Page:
Sunday, 29 November 2015

Pulse Power (Part One)

Split Yellow Pea and Rhubarb Curry with rice and Rhubarb Pear Chutney

Meat and alternative products can be costly.  Supplementing them at mealtimes with pulses is good for the purse, health and planet.  They are a good source of protein, so there is no need to worry about replacing chunks of animal protein with these "vegetables".

Easy Cowboy Beans
You could, of course, as I have often heard people advise, just throw red lentils into everything willy-nilly:  I am sure it will make a cheap filling and healthy meal.... but don't you sometimes want something a bit different to the usual lentil-heavy chilli? And what if the family just won't go for the new mealy woolly bolognese?  In Part Two I will post ideas about what to combine for interesting, tasty and easy family meals.

But for now... what if, like me, you have noticed the hiking cost of red lentils which were pennies only a handful of years go...?




Cheaper Tinned Pulses:
If you currently buy tinned, check out the world or ethnic food aisles as brands they are often cheaper there than the supermarket's own brand:  this is also true of tinned vegetables and spices. You could also try buying economy brand baked beans and rinse off the sauce rather than the much more expensive tinned cannellini beans.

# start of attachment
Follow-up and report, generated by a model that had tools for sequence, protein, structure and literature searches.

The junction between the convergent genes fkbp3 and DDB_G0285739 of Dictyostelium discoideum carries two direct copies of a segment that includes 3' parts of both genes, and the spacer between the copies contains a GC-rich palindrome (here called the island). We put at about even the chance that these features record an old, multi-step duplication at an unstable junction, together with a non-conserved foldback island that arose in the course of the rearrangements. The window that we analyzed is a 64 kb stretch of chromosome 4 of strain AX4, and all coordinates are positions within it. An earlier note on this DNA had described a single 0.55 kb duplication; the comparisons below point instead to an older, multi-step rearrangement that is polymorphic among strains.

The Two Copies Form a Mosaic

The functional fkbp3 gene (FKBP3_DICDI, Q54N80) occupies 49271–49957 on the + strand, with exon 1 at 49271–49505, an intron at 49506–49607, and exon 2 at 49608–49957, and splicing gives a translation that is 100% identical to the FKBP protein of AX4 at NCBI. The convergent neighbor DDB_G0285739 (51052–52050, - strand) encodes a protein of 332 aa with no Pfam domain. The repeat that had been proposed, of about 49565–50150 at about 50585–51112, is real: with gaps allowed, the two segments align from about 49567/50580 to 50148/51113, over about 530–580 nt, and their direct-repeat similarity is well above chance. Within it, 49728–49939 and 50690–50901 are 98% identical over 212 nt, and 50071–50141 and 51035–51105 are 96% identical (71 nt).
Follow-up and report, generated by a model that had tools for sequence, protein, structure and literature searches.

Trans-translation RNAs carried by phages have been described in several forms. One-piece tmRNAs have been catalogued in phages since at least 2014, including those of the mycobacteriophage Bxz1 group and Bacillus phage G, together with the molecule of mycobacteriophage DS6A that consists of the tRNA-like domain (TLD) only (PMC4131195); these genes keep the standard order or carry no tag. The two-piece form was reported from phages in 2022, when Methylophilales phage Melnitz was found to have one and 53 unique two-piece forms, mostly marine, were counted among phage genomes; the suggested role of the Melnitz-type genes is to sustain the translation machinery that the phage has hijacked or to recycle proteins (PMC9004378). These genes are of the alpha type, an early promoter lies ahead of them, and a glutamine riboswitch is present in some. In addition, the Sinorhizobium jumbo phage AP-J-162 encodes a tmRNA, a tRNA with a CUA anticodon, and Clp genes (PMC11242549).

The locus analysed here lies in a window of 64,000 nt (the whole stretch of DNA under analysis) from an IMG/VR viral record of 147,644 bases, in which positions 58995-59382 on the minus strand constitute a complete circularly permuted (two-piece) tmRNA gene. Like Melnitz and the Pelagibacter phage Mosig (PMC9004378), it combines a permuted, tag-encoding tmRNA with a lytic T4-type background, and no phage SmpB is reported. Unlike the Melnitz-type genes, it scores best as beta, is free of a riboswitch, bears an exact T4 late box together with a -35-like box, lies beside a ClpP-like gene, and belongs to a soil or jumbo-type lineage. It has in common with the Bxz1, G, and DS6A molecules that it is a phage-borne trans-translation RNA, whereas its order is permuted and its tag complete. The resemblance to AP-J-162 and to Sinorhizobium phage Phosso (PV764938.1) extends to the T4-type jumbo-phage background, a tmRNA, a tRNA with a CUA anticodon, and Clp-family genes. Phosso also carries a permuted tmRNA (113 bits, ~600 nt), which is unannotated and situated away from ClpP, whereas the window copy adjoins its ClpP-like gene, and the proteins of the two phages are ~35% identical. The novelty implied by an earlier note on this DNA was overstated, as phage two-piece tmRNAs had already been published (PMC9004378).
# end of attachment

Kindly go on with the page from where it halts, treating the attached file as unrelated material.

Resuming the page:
Quick Soak/Cook Dried Pulses:
Dried pulses are so much cheaper than tinned but if you feel overburdened by all of the soaking or find yourself forgetting to put them out to soak the previous night try the quick cook method:  Cover the pulses in water and bring to the boil; boil for 2 minutes. Turn off the heat, put on a  lid and leave to soak for an hour; drain off the soaking liquid once done. Cook in fresh water according to the pulse you want, they will mostly all take about an hour and a half on the stove/hob, or around 5 hours on high in the slow cooker (but please check the packaging to make sure of correct times for safety.)

No Soak/Quickest Cook Pulses:
Red and green lentils are perfect for this. Cooking them on the hob will take 20 minutes for red, or 40 minutes for green lentils; no pre-soaking required.

Cheapest Pulses (and Pretty Quick Cooking with it!): 
Now although split peas aren't as quick cooking as lentils, they are not far off at around 40-50 minutes with no soaking; and for the extra few minutes, the savings are definitely worth it.  Yellow and green split peas are still good sources of protein, add flavoursome bite to your meals, and are £1.28 per kilo to the lentils' £1.50-£2.30 per kilo for red and £2.00 for green (*Asda 29/11/15) 

Look out for Part Two with ideas on bringing pulses into your diet and making that pack of sausages etc go further!

Feel free to add your own ideas for making pulses hassle-free in the comments!

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